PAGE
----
|Publication number||US5909324 A|
|Application number||US 09/018,371|
|Publication date||Jun 1, 1999|
|Filing date||Feb 4, 1998|
|Priority date||Feb 4, 1998|
|Publication number||018371, 09018371, US 5909324 A, US 5909324A, US-A-5909324, US5909324 A, US5909324A|
|Inventors||Robert C. Bryant, Timothy A. Peter|
|Original Assignee||Eastman Kodak Company|
|Export Citation||BiBTeX, EndNote, RefMan|
|Patent Citations (9), Referenced by (22), Classifications (8), Legal Events (5)|
|External Links: USPTO, USPTO Assignment, Espacenet|
The invention relates generally to the field of optics, and in particular to a mount for adjusting an optical component.
Many devices include optical components which must be adjusted accurately in order to function as intended. For this reason, the optical components are often provided with adjustable mounts.
One of the main problems in prior art mounts for adjusting optical components is that the mounts cannot be easily adjusted to a precise position. This problem is discussed in commonly assigned U.S. Pat. No. 4,880,301 issued Nov. 14, 1989.
A mount for adjusting an optical component, comprising:
a support for the optical component that is pivotable only about a single axis and which is resiliently urged in one direction about the single axis; and
a pair of adjusting cams movable towards and away from each other in contact with the support alternatively to pivot the support about the single axis in a reverse direction which is opposite to the one direction and to allow the support to be return-urged in the one direction.
FIG. 1 is a partially-exploded perspective view of a mount for an optical component;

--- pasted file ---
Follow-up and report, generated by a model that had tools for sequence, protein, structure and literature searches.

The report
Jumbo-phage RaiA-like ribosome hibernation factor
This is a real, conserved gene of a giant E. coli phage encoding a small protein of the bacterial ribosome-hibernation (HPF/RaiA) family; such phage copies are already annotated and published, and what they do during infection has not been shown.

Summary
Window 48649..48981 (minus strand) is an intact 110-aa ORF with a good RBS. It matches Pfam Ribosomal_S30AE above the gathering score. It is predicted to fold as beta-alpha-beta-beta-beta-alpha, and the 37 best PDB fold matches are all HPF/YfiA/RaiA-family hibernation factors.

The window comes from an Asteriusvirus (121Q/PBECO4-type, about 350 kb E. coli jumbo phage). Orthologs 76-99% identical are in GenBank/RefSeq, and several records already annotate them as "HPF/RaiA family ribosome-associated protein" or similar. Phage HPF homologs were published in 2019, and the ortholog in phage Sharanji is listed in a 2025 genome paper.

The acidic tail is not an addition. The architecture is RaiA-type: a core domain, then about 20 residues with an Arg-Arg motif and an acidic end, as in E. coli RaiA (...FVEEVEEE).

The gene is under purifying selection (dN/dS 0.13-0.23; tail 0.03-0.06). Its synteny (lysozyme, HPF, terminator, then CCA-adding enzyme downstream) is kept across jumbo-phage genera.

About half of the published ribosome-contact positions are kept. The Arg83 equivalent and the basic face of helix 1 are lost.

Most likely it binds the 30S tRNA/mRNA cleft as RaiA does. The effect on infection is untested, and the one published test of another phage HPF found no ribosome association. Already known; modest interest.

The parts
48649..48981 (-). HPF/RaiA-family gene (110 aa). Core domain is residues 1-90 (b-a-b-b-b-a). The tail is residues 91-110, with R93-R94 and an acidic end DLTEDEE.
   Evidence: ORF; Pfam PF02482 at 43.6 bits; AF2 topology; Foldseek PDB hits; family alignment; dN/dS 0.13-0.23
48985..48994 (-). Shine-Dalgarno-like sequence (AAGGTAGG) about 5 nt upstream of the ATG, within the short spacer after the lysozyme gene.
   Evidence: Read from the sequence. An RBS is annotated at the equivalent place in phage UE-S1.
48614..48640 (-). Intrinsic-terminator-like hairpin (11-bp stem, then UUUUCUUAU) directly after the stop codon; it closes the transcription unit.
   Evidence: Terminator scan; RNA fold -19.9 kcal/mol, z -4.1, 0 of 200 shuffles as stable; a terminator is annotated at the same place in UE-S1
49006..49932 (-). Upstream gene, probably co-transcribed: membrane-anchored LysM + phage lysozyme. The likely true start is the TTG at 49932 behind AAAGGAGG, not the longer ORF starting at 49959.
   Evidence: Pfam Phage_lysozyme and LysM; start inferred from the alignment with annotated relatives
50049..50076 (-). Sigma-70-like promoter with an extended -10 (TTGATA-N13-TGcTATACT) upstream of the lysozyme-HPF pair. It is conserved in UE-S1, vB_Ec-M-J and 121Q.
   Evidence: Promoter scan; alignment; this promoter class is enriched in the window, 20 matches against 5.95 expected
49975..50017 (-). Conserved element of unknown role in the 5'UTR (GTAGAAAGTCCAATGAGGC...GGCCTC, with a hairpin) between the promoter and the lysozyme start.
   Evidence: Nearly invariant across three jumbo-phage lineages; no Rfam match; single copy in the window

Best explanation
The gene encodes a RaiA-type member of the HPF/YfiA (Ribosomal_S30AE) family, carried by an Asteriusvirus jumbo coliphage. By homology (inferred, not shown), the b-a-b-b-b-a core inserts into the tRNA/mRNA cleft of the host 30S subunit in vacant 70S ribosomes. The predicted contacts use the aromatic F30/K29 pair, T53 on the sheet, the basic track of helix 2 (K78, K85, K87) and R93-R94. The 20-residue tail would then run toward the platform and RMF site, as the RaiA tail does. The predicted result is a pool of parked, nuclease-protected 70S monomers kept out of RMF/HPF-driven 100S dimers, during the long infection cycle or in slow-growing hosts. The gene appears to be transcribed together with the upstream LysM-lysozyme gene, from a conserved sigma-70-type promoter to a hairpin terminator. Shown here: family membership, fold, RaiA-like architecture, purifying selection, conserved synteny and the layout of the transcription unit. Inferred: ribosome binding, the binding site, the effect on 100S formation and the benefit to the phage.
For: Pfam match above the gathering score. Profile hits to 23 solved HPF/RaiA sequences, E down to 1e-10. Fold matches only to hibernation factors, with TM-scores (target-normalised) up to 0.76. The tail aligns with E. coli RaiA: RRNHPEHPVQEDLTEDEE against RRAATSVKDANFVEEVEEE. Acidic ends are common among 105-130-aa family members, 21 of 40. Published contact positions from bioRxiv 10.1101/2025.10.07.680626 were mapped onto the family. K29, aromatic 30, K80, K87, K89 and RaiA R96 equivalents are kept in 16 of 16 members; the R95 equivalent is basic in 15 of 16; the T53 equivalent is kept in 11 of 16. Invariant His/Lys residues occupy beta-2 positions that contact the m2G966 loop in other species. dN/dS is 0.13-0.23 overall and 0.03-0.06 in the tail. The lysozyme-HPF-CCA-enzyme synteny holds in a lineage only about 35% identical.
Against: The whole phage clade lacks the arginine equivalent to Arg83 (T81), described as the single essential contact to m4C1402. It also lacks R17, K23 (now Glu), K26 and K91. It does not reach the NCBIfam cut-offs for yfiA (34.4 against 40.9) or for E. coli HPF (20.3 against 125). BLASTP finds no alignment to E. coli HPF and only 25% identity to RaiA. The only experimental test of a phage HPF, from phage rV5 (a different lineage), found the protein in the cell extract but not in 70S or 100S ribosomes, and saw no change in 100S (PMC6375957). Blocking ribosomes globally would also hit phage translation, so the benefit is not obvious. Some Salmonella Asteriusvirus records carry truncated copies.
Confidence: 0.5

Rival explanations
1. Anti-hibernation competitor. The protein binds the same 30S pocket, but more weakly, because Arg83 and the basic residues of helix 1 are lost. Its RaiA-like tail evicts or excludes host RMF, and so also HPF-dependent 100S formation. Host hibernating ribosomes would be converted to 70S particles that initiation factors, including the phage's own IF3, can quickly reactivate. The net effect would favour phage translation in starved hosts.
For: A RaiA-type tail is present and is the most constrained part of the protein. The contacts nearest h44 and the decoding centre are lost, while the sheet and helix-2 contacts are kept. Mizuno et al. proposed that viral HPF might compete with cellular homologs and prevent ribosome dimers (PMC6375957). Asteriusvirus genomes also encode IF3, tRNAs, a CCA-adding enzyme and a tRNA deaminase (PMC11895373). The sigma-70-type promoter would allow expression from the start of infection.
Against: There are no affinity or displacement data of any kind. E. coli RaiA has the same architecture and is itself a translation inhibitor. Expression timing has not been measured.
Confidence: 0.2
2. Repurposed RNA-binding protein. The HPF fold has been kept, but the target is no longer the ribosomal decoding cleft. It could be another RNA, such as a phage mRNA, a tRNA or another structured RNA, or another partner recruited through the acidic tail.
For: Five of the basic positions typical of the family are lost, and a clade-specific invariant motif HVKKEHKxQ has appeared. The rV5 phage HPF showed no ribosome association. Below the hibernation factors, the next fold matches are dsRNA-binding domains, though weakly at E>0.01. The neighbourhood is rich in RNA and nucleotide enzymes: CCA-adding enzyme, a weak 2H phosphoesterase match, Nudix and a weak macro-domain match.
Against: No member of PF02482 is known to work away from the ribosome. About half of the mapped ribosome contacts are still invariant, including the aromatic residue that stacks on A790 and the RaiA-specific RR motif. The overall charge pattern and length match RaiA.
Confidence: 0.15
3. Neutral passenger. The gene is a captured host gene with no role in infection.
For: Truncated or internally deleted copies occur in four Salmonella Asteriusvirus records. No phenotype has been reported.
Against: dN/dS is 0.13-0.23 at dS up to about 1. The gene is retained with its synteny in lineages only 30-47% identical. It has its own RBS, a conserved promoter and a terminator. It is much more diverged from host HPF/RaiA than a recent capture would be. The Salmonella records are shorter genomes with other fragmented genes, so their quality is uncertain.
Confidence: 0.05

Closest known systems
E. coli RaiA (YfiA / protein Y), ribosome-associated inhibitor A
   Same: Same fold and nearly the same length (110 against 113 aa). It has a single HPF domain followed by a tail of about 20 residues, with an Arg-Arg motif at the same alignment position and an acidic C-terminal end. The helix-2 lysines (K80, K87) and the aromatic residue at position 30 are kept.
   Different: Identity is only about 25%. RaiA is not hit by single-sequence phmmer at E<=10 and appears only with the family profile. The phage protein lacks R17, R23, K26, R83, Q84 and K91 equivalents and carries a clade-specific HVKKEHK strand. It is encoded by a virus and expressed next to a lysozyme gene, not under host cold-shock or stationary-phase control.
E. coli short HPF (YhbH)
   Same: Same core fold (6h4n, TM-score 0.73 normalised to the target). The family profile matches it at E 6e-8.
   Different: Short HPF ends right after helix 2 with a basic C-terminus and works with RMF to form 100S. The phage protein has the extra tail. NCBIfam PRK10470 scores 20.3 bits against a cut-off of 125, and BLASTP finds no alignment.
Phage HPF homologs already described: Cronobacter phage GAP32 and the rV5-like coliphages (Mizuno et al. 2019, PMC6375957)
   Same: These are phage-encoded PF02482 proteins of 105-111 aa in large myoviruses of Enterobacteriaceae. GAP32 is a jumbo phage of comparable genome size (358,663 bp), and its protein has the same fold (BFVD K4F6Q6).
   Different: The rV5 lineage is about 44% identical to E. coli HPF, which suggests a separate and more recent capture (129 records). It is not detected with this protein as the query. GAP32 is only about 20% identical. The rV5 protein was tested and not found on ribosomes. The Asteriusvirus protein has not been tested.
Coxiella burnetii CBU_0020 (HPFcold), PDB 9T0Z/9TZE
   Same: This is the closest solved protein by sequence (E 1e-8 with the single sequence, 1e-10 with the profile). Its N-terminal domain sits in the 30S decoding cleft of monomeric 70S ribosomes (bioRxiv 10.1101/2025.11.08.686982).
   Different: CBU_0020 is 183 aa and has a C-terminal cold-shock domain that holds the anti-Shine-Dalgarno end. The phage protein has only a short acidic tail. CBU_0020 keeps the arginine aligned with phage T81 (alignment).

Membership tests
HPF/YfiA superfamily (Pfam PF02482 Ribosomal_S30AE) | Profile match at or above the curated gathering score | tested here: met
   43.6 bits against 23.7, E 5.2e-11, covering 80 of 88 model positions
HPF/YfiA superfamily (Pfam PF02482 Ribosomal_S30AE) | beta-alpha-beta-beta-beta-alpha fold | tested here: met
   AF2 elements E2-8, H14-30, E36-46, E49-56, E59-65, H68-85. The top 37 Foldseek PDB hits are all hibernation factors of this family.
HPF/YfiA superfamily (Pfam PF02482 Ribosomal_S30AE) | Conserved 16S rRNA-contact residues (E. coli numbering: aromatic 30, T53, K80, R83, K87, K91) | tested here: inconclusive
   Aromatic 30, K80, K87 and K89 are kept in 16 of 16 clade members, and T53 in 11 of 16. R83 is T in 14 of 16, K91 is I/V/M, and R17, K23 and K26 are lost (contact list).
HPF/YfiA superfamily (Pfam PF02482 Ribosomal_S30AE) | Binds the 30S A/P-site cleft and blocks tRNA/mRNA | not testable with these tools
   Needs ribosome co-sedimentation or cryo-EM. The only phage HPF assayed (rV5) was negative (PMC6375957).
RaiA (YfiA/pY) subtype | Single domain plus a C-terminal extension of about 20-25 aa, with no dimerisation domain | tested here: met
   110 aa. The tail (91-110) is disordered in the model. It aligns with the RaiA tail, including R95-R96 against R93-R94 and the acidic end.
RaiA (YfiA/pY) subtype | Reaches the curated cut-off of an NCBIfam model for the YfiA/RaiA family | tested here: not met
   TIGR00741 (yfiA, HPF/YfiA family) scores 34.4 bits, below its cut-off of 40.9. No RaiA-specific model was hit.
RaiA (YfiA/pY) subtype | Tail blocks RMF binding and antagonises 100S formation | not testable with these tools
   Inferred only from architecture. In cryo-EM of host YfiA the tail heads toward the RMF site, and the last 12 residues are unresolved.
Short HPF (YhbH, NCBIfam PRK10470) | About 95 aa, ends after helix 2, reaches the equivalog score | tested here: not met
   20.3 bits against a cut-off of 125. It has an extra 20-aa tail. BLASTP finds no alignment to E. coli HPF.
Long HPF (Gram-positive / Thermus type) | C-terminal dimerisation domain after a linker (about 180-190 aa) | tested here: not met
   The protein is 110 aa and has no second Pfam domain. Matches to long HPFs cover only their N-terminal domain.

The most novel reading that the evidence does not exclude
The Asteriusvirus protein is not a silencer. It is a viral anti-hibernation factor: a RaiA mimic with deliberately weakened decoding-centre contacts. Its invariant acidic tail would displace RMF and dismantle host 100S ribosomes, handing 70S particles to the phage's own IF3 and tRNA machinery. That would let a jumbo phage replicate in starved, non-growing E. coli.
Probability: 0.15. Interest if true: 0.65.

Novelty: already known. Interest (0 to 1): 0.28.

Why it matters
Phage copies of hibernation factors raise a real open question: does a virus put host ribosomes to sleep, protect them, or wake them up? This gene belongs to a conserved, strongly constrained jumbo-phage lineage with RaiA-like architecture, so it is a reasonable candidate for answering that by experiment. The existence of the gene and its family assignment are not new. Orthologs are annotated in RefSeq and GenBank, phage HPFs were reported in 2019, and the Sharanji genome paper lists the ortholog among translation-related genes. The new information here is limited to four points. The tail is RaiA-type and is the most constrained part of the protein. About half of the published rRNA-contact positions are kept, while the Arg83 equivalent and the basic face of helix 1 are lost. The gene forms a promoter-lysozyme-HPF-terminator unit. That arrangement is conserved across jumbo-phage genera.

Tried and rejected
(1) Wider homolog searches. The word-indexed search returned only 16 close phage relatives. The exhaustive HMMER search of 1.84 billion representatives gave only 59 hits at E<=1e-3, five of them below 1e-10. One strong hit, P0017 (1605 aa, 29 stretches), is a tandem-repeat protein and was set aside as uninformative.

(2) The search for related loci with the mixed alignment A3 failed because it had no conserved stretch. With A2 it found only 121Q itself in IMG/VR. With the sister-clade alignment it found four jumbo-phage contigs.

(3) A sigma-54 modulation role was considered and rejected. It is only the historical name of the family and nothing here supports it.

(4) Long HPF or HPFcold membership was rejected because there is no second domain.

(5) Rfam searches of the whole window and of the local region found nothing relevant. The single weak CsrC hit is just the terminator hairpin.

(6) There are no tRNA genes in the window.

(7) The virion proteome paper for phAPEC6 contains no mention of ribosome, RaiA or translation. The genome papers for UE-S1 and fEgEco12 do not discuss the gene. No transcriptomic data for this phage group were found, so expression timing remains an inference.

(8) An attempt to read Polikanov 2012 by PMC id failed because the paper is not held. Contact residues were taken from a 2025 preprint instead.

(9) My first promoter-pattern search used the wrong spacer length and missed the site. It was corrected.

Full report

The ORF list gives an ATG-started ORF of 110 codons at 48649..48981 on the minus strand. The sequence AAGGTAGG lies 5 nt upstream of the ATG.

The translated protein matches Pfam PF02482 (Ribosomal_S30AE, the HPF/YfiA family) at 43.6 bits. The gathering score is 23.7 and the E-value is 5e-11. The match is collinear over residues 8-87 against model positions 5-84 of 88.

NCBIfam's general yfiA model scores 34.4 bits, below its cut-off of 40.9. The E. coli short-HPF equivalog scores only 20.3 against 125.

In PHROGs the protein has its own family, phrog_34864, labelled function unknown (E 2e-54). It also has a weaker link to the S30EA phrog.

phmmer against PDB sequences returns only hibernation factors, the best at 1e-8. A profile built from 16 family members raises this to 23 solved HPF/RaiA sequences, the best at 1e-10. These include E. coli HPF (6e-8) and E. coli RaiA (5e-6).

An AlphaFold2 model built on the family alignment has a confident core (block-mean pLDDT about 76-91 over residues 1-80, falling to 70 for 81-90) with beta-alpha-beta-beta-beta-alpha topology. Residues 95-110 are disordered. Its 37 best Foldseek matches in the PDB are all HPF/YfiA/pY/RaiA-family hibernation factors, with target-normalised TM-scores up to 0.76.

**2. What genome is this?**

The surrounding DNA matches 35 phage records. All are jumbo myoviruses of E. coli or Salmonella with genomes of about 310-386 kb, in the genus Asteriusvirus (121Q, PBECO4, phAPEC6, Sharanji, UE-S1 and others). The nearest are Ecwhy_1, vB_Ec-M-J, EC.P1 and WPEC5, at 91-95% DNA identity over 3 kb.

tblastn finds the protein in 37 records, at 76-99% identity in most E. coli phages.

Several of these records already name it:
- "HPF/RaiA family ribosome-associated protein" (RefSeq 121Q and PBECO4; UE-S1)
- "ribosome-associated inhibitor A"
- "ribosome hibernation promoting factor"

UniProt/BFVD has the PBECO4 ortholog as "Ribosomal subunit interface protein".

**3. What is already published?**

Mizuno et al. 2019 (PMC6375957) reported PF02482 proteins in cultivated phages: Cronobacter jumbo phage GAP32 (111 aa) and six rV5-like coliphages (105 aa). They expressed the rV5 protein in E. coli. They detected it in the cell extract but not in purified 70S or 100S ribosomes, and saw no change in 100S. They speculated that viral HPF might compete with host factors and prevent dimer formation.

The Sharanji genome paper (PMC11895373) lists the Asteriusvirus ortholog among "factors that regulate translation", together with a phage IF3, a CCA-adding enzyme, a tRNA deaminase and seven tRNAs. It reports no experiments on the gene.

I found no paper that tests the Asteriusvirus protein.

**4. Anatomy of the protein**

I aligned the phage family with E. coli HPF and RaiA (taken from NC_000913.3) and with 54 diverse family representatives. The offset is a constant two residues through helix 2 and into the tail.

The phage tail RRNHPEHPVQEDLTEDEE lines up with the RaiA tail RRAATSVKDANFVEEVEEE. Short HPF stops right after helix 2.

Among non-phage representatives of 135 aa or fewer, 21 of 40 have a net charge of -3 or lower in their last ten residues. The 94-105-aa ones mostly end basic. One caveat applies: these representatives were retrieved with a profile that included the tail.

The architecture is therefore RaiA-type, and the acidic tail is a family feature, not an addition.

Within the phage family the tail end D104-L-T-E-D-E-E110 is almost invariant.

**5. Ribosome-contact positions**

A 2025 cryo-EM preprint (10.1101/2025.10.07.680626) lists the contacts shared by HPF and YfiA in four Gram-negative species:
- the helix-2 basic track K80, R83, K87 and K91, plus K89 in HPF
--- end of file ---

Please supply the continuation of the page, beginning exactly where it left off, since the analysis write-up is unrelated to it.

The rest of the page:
FIG. 2 is an assembled perspective view of the mount; and
FIG. 3 is a partially-exploded sectional view of the mount.
The invention is disclosed as being embodied preferably in a mount for adjusting an optical component. Because the features of this type of mount are generally known, the description which follows is directed in particular only to those elements forming part of or cooperating directly with the disclosed embodiment. It is to be understood, however, that other elements may take various forms known to a person of ordinary skill in the art.
Referring now to the drawings, FIGS. 1-3 show a mount 10 for adjusting an optical component.
The optical component, by way of example, is a rectangular shaped mirror 12 which has a flat front reflection plane 14. FIGS. 1 and 2 show mutually perpendicular x- and y- axes 16 and 18 in the reflection plane 14, and a z-axis 20 perpendicular to the reflection plane.
The mount 10 has an integrally formed base 22 and upstanding support 24. The mirror 12 is fixed to a central portion 26 of the support 24, as shown in FIGS. 1 and 2. The support 24 has a pair of identical flexure pivots 28 and 30 that resiliently urge the central portion 26 of the support clockwise in FIGS. 1 and 2 only about the x-axis 16. The pivot axis of the pair of flexure pivots 28 and 30 is common with the x-axis 16.
The base 22 has an inclined wall, flat bottom channel 32 that longitudinally extends parallel to the x-axis 16. An adjusting cam bushing 34 and an adjusting cam nut 36 partially reside in the channel 32, as shown in FIG. 2. An adjusting screw 38 has a threaded stem 40 and a wider head 42. An end portion 44 of the threaded stem 40 is located in a threaded bore 46 in the cam nut 36, and another portion 48 of the threaded stem is located in a smooth bore 50 in the cam bushing 34. The threaded stem 40, therefore, is engaged with the cam nut 36 but not with the cam bushing 34. The wider head 42 is located in an end opening 52 in the cam bushing 34 that leads to the smooth bore 50, and it rests against an annular flat 54 in the end opening. See FIG. 3.